ACCC re-authorises newsagents to collectively bargain

1 August 2014

The Australian Competition and Consumer Commission has issued a final determination allowing the Australian Newsagents’ Federation (ANF) to negotiate on behalf of its members with a range of suppliers.

The ANF, through its affiliates and state branches, represents almost 2000 newsagents around Australia.

“Newsagents are often small, family-owned and operated businesses. Collective bargaining allows newsagents to pool resources and undertake a more co-ordinated approach to negotiating with suppliers, many of whom are large, well-resourced businesses,” ACCC Commissioner Dr Jill Walker said.

“This will result in transaction cost savings and improve newsagents’ input into contracts.”

“Importantly, participation in the collective bargaining arrangements will be voluntary. If a newsagent wishes to deal directly with a supplier they remain free to do so. Suppliers can also deal directly with newsagents,” Dr Walker said.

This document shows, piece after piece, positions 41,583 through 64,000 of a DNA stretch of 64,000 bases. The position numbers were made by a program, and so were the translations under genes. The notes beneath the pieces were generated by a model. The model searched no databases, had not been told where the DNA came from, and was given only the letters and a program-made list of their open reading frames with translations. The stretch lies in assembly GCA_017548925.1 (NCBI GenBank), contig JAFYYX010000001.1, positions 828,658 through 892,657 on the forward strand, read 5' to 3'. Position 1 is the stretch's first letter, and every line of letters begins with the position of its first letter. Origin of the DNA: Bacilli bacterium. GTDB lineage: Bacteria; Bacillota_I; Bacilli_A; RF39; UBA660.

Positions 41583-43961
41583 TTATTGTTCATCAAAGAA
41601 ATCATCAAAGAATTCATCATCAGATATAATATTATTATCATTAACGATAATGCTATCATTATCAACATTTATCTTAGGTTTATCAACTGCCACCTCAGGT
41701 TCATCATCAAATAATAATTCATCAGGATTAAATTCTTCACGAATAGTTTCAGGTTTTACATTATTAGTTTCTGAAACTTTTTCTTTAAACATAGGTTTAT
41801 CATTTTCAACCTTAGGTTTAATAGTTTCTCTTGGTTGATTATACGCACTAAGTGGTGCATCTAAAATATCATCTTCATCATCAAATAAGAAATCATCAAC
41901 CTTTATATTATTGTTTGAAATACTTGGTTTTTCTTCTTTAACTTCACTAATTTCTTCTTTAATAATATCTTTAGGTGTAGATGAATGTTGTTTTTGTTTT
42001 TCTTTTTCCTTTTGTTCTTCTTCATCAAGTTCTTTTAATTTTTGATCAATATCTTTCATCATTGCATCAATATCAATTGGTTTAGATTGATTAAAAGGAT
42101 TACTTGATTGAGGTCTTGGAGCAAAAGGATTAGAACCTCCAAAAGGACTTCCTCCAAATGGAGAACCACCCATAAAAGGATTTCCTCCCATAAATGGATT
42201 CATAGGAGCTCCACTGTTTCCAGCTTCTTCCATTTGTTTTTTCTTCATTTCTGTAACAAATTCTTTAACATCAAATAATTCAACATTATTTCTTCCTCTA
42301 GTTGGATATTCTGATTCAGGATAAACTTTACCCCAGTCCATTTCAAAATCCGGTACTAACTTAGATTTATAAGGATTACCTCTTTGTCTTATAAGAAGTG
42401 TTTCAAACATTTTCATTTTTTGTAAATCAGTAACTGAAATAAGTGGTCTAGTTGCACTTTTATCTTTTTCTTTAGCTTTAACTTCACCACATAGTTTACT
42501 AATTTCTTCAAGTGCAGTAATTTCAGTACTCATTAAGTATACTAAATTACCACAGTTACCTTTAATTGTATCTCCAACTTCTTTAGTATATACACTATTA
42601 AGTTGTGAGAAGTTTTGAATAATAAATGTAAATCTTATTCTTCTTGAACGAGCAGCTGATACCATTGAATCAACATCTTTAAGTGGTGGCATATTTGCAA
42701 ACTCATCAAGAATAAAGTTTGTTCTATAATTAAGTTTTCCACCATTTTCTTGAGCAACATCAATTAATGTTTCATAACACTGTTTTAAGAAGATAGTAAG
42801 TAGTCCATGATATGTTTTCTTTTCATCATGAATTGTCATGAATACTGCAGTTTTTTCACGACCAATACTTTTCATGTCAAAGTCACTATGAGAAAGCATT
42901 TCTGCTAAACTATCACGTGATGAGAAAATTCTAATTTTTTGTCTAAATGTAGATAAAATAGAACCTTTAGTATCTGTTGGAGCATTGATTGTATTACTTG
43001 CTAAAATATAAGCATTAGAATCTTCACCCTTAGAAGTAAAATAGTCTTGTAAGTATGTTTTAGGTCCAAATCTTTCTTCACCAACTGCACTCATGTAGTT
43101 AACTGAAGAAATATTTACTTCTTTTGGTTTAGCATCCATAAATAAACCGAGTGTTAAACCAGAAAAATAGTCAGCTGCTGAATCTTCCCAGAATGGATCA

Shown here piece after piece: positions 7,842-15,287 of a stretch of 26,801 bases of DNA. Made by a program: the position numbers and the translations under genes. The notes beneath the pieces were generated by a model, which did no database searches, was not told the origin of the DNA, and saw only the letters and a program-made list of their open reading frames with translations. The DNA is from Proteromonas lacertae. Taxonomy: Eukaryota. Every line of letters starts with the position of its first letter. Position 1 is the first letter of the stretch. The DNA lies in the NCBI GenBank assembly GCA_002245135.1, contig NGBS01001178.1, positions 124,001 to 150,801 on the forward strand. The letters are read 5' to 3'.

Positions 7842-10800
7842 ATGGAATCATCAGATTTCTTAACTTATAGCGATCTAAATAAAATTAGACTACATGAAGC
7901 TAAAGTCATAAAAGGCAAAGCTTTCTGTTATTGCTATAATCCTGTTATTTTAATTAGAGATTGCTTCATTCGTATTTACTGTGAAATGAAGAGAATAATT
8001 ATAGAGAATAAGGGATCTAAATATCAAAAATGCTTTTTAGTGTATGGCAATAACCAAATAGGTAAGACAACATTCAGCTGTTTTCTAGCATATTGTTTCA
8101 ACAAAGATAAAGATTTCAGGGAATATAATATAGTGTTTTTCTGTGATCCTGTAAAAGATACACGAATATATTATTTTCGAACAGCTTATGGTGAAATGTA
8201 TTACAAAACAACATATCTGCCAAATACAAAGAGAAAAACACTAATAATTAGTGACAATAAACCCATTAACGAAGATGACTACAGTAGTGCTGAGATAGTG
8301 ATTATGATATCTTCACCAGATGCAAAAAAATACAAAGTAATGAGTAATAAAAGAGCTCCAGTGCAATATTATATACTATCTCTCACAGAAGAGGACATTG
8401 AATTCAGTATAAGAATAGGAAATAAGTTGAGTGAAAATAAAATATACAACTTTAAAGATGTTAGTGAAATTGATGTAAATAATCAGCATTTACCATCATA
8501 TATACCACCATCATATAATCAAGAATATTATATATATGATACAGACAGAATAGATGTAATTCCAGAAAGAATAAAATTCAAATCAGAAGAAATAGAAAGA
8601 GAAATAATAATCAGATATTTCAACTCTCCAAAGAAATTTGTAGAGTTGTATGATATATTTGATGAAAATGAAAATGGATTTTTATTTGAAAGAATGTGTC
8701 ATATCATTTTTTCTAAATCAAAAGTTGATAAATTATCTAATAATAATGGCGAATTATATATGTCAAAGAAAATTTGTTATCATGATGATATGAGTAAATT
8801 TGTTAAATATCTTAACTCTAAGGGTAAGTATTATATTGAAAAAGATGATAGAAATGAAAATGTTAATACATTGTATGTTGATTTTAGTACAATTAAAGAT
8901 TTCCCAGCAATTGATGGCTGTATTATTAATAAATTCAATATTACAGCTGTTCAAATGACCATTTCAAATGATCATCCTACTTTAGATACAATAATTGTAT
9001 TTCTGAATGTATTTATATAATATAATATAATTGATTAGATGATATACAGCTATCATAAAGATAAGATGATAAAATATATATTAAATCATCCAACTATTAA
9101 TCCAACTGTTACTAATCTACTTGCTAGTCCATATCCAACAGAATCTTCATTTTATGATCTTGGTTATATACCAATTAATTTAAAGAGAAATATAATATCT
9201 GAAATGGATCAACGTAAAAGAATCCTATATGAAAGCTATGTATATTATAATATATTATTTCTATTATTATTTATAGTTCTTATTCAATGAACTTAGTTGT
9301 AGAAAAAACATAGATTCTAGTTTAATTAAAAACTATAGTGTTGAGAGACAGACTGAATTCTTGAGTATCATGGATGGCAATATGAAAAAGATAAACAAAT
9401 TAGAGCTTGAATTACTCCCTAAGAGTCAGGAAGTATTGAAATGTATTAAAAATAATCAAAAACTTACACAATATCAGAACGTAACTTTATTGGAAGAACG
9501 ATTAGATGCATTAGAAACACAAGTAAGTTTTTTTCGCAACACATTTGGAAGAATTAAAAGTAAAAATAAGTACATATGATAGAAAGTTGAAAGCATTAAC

Similar collective bargaining arrangements by the ANF on behalf of its members were authorised by the ACCC in 2004 and were subsequently re-authorised in 2009. The ACCC had regard to the previously authorised collective bargaining arrangements in granting re-authorisation for ten years.

Authorisation provides immunity from court action for conduct that might otherwise raise concerns under the competition provisions of the Competition and Consumer Act 2010.

Broadly, the ACCC may grant an authorisation when it is satisfied that the public benefit from the conduct outweighs any public detriment.

Further information about the application for authorisation is available on the public register.

Release number: 
MR 192/14
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